I am such an awful oversharer. I know that everyone on facebook doesn’t want to know that I was just pooping on that conference call I was on, or that maybe I should tell fewer people in the world that I once made out with a homeless guy.
But damn if I don’t just lay it out there. The thing is, I can be pretty good about keeping other people’s secrets, but I suck at keeping any part of my personal life the least bit personal. I just can’t seem to keep it in.
6. Volume control is important.
You know those people who walk down the street and sing along with their iPods, even though they look really weird to everyone else, and they’re off-key half the time? I am totally one of those people. I’m probably the worst one of those people you know.
That, in itself, wouldn’t be such a bad thing, except I also do so really loudly. Like, so people two blocks away turn their heads. Like, so random strangers make shush noises to me. Like, so the cops occasionally tell me I’m disturbing the peace.
I’m pretty much loud like that all the time, too. My mother is somewhat hard of hearing, so I grew up shouting pretty much everything I said, and I still haven’t quite unlearned that habit.
7. I am not responsible for taking care of everybody.
Have you ever been yelled at because you asked someone how they’re doing? I have, and that person was totally right to yell at me because it was like the fifth time I’d asked them that day. You see, I’m a Pisces, so I usually know how someone’s feeling, which wouldn’t be a problem except that if anyone is ever feeling anything but completely content, I panic. I badger them into telling me what’s up. I refuse to accept their promises that nothing’s wrong. I just flail around the person until I can figure out why they’re unhappy today.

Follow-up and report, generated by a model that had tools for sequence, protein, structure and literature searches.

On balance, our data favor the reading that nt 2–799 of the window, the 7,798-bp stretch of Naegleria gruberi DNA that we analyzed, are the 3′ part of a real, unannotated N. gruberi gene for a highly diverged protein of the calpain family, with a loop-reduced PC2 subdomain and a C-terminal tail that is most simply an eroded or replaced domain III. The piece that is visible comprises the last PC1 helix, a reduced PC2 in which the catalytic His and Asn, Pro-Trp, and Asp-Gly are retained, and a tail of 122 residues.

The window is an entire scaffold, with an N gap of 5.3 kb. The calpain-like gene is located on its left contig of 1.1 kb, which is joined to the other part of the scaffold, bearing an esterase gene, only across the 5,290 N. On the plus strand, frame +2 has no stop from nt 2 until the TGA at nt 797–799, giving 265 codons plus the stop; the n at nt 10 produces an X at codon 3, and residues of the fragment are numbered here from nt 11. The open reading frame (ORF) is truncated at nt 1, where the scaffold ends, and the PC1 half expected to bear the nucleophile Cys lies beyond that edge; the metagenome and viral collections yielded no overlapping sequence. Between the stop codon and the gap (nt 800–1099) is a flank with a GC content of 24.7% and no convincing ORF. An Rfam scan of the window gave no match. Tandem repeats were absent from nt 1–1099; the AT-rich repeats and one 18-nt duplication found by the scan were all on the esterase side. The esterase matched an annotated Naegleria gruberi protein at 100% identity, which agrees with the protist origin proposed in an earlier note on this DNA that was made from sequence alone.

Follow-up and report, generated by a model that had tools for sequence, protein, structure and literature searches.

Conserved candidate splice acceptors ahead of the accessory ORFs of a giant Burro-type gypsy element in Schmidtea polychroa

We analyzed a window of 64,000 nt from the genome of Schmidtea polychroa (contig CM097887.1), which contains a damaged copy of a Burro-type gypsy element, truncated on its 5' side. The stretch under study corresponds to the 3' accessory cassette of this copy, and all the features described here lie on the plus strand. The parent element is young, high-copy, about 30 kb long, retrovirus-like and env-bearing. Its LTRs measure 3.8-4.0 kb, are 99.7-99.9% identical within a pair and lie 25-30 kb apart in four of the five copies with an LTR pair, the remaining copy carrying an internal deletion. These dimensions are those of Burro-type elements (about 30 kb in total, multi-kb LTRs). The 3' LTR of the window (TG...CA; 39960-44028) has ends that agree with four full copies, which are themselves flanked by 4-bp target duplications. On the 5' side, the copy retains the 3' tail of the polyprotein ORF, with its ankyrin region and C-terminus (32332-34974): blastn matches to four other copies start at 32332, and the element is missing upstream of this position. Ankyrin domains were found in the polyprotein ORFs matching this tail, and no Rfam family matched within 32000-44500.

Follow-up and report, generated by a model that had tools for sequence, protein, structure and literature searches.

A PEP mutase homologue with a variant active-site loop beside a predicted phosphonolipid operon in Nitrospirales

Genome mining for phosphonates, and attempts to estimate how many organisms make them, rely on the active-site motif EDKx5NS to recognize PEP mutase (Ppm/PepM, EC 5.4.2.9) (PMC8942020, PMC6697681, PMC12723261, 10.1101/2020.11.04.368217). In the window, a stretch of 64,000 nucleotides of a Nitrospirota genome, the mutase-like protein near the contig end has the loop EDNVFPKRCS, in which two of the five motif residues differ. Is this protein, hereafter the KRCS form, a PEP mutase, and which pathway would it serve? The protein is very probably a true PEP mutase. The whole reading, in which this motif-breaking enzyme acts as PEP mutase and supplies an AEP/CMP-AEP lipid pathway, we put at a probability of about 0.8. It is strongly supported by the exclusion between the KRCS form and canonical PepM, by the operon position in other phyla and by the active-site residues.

Most people, though, do not feel better if someone they know is freaking out because they’re not happy. That does not improve anyone’s mood, and in many cases it makes people angrier. Which is something I always realize right after I’ve been yelled at for asking what’s up.
8. How to make use of learning moments.
As I mentioned, I just recently had my appendix out, which was my first operation ever. For several days after this, I realized that death is lurking everywhere. I would lay in bed terrified of my own heartbeat because it could stop whenever the hell it wanted and I had no control over it at all.
Then I just forgot about all of that. I didn’t quit smoking; I didn’t start exercising; and I still can’t remember the last vegetable I ate. See, a normal person would have become anxious about their health and then changed their habits. I, however, became anxious about my health, and then just figured it would blow over and I could go back to eating ice cream for breakfast.
Which was technically correct, but doesn’t really improve my life at all.
9. If I let myself fall for straight guys, I will end up miserable.
Someday I’ll figure this out.
Johnny Gall is so, so very close to completing his B.A. from NYU in English and Creative Writing. He has hopes of moving on to seminary, and then to ordained ministry and works with several groups which advocate queer equality in the Methodist church. He is a feminist, anarchist, person of faith, part-time librarian and an all-around good guy.